If you look at what people are most likely to read, the split’s even bigger. Over 50% of the traffic to ScienceBlogs comes from two blogs, Pharyngula and Dispatches from the Culture Wars, that primarily post about, well, culture wars– politics and religion. Communicating science is our nominal mission, but talking about politics is what pays the bills.
I don’t think it’s outrageous or unreasonable for someone new to the network to check it out and come away with the impression that ScienceBlogs is at least as much about politics as science (and politics with a very particular slant at that). I’m a little puzzled as to how Heffernan found the particular material she mentions– one of the blogs she cites hasn’t posted anything new in months– but somebody looking at the last few days of posts could easily draw a similar conclusion.
And while her characterization of the general tone of the site as “gratuitous contempt” is a bit extreme, a lot of the culture-wars stuff is presented in a manner I find distasteful. (For that matter, some of the science content is presented in a manner I find distasteful…) Again, I don’t know how she picked the particular posts she did, but again, I would have a hard time honestly saying that a first-time visitor to the network complaining about excessive snark was wrong.
In fact, Heffernan’s piece can be seen as a demonstration of how the excessive snark can be a problem. Here we have a person who by her own admission doesn’t read science blogs, reading ScienceBlogs for the first time. And she’s put off by the politics and the general tone, to the point where Anthony Watts looks good to her. I’m not a regular reader of Watts’s blog, but looking over his current front page, it’s not hard to see why Heffernan would go that way. His articles are ultimately deceptive, but they’re really good at giving the appearance of being serious discussions about science, with very little ranting. Given the choice between good science presented with a lot of gratuitous insults and bad science presented relatively calmly, Heffernan goes with the apparently nice and polite guy, and disdains the people she perceives as ranting.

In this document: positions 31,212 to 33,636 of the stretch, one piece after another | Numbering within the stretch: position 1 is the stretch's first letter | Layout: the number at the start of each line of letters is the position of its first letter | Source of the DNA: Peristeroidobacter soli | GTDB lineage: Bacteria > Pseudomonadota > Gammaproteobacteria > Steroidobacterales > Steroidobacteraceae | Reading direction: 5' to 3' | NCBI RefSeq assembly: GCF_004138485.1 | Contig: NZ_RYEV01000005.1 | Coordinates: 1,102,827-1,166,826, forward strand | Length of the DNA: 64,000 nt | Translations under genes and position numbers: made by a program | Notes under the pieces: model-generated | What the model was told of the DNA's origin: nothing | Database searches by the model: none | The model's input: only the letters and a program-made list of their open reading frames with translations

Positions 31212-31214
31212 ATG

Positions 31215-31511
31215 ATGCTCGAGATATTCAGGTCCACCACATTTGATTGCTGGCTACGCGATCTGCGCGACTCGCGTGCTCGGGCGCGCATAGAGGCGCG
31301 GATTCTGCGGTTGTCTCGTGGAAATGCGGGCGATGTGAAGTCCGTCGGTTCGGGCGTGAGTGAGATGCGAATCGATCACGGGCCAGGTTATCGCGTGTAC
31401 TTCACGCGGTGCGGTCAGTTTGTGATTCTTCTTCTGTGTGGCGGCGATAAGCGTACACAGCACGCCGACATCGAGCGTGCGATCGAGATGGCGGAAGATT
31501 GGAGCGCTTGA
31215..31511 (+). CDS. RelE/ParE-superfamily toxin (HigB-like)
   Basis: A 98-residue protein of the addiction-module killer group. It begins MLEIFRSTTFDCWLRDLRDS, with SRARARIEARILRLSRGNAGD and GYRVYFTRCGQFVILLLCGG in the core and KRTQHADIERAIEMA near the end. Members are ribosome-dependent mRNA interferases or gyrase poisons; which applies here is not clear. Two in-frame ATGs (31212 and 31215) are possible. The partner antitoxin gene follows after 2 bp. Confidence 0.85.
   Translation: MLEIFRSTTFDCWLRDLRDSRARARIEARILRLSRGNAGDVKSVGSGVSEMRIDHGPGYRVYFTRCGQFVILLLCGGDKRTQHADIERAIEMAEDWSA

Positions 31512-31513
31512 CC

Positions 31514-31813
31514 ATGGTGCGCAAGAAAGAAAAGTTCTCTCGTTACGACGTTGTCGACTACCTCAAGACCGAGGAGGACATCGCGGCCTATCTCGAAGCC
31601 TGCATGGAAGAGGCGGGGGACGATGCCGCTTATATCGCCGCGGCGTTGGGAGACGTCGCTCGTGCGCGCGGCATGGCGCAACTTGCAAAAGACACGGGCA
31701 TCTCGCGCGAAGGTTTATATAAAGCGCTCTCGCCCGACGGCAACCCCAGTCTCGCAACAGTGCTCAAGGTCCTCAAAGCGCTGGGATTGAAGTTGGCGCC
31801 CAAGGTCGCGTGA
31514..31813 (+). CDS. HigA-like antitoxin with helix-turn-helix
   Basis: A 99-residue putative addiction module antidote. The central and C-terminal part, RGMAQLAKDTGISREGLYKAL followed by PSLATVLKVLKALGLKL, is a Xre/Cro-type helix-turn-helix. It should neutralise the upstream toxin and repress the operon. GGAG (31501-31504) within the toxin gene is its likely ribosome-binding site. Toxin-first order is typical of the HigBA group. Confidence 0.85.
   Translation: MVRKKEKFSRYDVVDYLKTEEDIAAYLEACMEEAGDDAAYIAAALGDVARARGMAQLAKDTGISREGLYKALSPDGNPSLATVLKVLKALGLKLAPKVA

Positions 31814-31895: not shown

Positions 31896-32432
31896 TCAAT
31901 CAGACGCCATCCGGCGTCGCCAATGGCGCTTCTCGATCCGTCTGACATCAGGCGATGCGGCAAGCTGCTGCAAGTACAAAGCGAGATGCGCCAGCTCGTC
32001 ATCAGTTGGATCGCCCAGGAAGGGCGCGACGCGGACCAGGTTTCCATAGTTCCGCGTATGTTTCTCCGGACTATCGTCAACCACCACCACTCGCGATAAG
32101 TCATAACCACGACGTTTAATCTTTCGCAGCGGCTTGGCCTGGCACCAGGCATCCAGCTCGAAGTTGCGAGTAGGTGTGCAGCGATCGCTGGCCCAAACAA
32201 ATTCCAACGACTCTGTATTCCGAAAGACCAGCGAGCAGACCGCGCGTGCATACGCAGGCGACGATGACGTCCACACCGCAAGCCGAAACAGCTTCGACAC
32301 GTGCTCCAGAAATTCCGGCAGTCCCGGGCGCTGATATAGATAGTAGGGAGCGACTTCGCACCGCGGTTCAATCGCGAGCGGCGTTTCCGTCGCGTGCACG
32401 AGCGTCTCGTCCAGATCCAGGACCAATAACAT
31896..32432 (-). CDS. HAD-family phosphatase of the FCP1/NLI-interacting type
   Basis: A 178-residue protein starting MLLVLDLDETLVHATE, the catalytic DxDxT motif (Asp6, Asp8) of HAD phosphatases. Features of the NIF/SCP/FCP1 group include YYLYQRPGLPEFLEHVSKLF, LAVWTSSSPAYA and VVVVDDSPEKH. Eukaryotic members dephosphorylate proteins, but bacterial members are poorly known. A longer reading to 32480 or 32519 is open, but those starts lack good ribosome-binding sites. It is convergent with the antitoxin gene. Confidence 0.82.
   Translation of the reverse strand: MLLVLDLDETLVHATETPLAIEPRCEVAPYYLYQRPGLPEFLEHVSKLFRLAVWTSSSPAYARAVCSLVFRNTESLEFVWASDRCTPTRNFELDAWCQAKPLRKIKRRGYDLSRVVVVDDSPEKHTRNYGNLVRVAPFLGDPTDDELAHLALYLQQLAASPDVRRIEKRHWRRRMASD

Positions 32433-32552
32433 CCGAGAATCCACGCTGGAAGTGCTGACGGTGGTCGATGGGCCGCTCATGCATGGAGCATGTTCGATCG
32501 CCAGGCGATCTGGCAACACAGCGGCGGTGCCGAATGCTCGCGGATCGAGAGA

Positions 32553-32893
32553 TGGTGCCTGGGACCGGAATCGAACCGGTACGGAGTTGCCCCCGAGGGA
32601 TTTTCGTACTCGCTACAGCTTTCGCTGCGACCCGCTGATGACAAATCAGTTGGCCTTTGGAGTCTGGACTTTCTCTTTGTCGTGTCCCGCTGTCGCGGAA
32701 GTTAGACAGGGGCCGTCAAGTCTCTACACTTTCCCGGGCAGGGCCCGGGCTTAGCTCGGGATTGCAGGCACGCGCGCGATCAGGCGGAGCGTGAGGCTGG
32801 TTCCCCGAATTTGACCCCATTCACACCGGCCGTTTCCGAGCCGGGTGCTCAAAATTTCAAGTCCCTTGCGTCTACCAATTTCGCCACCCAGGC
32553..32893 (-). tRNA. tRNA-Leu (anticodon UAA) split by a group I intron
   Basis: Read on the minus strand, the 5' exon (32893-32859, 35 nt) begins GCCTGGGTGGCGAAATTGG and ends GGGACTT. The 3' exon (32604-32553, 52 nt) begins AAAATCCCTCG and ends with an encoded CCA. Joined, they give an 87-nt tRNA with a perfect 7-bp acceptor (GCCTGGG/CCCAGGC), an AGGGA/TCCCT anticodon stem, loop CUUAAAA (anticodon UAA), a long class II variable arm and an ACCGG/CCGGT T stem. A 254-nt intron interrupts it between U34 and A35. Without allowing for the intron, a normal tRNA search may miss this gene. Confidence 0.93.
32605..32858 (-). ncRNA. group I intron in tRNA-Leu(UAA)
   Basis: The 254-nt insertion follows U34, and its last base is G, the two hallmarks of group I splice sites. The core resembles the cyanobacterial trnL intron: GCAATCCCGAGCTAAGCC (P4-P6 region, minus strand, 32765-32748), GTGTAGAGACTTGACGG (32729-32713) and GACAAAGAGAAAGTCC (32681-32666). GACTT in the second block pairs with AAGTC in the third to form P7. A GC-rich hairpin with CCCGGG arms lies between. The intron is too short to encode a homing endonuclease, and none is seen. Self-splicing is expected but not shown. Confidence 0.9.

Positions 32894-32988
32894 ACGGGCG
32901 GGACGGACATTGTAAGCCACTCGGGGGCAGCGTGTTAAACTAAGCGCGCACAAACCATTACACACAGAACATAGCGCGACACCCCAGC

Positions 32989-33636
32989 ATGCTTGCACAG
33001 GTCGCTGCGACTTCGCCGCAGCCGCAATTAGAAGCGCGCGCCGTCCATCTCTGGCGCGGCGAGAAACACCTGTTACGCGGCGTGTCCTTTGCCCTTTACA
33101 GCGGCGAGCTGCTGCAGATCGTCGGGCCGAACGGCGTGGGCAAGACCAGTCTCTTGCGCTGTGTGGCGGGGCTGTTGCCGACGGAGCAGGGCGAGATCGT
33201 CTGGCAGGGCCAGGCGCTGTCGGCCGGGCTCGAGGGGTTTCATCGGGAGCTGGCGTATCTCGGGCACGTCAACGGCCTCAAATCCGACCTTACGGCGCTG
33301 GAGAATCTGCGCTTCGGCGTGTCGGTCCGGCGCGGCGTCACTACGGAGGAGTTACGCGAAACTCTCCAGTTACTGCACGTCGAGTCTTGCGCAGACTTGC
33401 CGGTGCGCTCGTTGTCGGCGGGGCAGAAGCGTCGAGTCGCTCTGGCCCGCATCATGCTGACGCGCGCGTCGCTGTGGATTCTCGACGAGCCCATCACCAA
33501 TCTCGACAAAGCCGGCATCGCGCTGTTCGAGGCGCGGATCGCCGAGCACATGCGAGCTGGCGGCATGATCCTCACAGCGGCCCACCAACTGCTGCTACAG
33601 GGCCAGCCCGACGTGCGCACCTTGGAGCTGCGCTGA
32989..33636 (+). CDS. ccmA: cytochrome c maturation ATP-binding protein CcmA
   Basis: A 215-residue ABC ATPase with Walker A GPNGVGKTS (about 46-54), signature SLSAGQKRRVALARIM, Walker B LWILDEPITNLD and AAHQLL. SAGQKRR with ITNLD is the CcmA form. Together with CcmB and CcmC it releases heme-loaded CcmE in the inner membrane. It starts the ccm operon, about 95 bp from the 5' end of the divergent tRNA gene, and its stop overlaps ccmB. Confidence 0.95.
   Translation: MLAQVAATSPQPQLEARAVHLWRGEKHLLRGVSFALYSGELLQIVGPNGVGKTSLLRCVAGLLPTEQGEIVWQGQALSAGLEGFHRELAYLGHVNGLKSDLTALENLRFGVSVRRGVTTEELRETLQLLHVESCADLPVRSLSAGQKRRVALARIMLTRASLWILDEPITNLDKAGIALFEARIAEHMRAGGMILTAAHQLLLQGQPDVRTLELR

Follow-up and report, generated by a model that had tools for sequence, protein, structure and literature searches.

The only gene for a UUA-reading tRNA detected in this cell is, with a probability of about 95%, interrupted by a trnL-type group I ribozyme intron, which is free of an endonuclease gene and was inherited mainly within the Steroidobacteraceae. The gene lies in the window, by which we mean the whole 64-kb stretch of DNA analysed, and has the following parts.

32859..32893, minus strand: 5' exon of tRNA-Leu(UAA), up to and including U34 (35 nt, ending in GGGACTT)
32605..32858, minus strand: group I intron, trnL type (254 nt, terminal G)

This is not to say that culture-war blogging and snarky blogging are invalid and everyone should stop doing them. It’s obviously a very successful approach (way more so than blogging about low-energy physics), and there’s a big audience for it. That audience obviously doesn’t include Virginia Heffernan or others like her, but there’s nothing necessarily wrong about that.
It does make me worry, though, about the impression the network as a whole creates and whether I really want to be associated with that. If people– whether they’re New York Times writers or just random civilians– glance over ScienceBlogs and dismiss the whole thing as RantyAtheistBlogs without ever reading my stuff, that’s a problem for me. This is something I mentioned in my Sodamageddon post– I have come much closer to leaving ScienceBlogs over stuff posted at Pharyngula than anything associated with the ill-advised Pepsi blog.
I’ve kicked this around in my head several times over the years, and ultimately decided that I have an audience here that I’m very happy with, and that to the extent that I can keep the political stuff off my own blog (which I’ll be the first to admit I’m not that good at), I can avoid being too strongly associated with views and actions I find distasteful. The most common reaction I get when I tell people I blog at ScienceBlogs is still “Never heard of it,” not “Oh. Those people,” and as long as that’s the case, I’m probably ok.
Dumb as it is in most ways, though, Heffernan’s piece makes me wonder about that decision again.